There are only three more days to vote for the Premsela Public prize of the Rotterdam Design prize. This Sunday the winners will be announced.
The nominees for this years Rotterdam Design Prize vary wildly. From a popular chain of breadshops to more esoteric projects like the Microscopic Opera where worms dance. The professional jury will announce the winner of the prize this Sunday, and so will the public - it's always interesting to see the difference.
Last year Joost Grootens won top honours for his excellent work with book design, while the public prize went to the graphic design collective Gorilla for their visual column for de Volkskrant, a clever, contemporary reinvention of the political cartoon.
The organization chose to revamp the set-up of the prize this year: five scouts selected three nominees each, resulting in a collection of nominees that couldn't have been more diverse.
The selection confronts us with design in our daily life. Every choice we make on a daily basis is, in a way, a design choice. And it is not just about the shape of our own surroundings, but how such choices in turn inform the production process.
Premsela, the Netherlands Institute for Design and Fashion, has made it "truly democratic," as design.nl previoulsy reported. It initiated the Premsela Public Prize for this edition of the prestigious Rotterdam Prize. Everyone can vote online.Vote here: "This approach also offers an excellent opportunity to broaden the discussion of design beyond the profession itself," states Premsela. "The group of finalists represent a good overview of what Dutch design is about today and where it’s headed. The competition is not about specific disciplines but attitudes."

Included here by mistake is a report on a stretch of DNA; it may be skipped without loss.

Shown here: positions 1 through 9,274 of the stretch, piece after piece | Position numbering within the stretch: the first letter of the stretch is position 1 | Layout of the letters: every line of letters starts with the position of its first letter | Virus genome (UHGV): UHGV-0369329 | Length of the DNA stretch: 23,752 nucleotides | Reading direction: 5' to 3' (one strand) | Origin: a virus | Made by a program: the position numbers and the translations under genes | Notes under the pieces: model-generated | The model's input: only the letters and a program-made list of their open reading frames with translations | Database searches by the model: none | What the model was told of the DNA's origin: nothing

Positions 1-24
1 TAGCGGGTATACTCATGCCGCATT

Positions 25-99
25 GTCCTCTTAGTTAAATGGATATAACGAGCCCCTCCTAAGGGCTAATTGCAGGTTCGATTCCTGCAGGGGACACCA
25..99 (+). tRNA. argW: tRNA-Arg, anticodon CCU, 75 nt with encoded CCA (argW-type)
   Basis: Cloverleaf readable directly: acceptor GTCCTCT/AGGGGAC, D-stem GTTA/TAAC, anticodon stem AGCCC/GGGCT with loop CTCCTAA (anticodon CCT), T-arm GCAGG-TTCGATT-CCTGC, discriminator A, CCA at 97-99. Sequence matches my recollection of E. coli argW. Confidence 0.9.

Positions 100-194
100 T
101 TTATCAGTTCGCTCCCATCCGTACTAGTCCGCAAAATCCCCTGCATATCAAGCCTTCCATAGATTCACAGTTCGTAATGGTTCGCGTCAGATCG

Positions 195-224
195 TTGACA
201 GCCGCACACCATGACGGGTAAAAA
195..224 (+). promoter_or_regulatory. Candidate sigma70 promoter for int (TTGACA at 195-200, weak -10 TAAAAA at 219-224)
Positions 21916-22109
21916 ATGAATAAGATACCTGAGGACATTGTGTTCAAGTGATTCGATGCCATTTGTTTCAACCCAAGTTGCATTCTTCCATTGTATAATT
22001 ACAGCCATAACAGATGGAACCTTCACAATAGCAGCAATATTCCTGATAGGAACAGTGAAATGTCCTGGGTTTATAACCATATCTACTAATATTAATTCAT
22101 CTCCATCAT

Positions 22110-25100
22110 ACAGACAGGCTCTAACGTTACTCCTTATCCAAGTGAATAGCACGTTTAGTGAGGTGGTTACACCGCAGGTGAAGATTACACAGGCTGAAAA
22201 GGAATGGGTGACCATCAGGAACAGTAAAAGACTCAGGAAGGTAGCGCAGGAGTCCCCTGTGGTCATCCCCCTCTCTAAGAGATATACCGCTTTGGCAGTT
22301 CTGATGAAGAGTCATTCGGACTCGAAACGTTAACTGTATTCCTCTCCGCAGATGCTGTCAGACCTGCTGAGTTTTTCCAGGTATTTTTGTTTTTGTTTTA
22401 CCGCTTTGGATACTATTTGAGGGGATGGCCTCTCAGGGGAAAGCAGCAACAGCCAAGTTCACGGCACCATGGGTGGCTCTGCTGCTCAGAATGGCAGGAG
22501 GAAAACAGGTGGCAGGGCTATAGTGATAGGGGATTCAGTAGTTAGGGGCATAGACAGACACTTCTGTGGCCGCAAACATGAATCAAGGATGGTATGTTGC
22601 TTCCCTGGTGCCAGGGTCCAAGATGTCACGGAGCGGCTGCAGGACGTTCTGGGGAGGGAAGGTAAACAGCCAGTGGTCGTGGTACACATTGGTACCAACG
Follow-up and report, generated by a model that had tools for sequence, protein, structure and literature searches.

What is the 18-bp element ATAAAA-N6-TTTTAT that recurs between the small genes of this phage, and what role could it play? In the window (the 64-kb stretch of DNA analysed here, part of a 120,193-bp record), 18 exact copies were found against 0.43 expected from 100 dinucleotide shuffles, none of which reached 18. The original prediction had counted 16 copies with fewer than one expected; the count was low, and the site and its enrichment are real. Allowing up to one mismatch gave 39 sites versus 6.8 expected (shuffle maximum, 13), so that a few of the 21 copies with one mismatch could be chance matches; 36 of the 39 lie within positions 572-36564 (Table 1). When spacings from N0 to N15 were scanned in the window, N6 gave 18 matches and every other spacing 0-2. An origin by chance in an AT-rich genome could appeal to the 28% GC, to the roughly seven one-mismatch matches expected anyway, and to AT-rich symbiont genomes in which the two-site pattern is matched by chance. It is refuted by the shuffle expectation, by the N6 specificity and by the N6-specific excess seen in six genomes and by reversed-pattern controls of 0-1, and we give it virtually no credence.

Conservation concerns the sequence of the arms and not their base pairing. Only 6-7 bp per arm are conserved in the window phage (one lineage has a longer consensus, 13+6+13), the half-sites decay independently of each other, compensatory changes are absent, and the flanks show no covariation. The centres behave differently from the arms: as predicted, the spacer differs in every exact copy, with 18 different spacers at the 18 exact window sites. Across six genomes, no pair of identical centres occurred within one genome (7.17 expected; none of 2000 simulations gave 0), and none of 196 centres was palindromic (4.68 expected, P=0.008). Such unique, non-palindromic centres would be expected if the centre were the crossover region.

This coming Sunday we will see how the public and the professional jury differ in their views. Prior to the award ceremony there will be a jury debate, moderated by Sarah Meuleman. The jury this year consists of Susan Szenasy, editor-in-chief of Metropolis Magazine (NY); Sebastian Wrong, designer and creative director of design label Established & Sons; and Lars Müller, graphic designer and owner of Lars Müller Publishers.
The event starts at 1.30 pm in Museum Boijmans van Beuningen, Rotterdam.
Top picture: the winner of last edition, Joost Grootens, receives the award from then jury chairwoman Alice Rawsthorn in December 2009.
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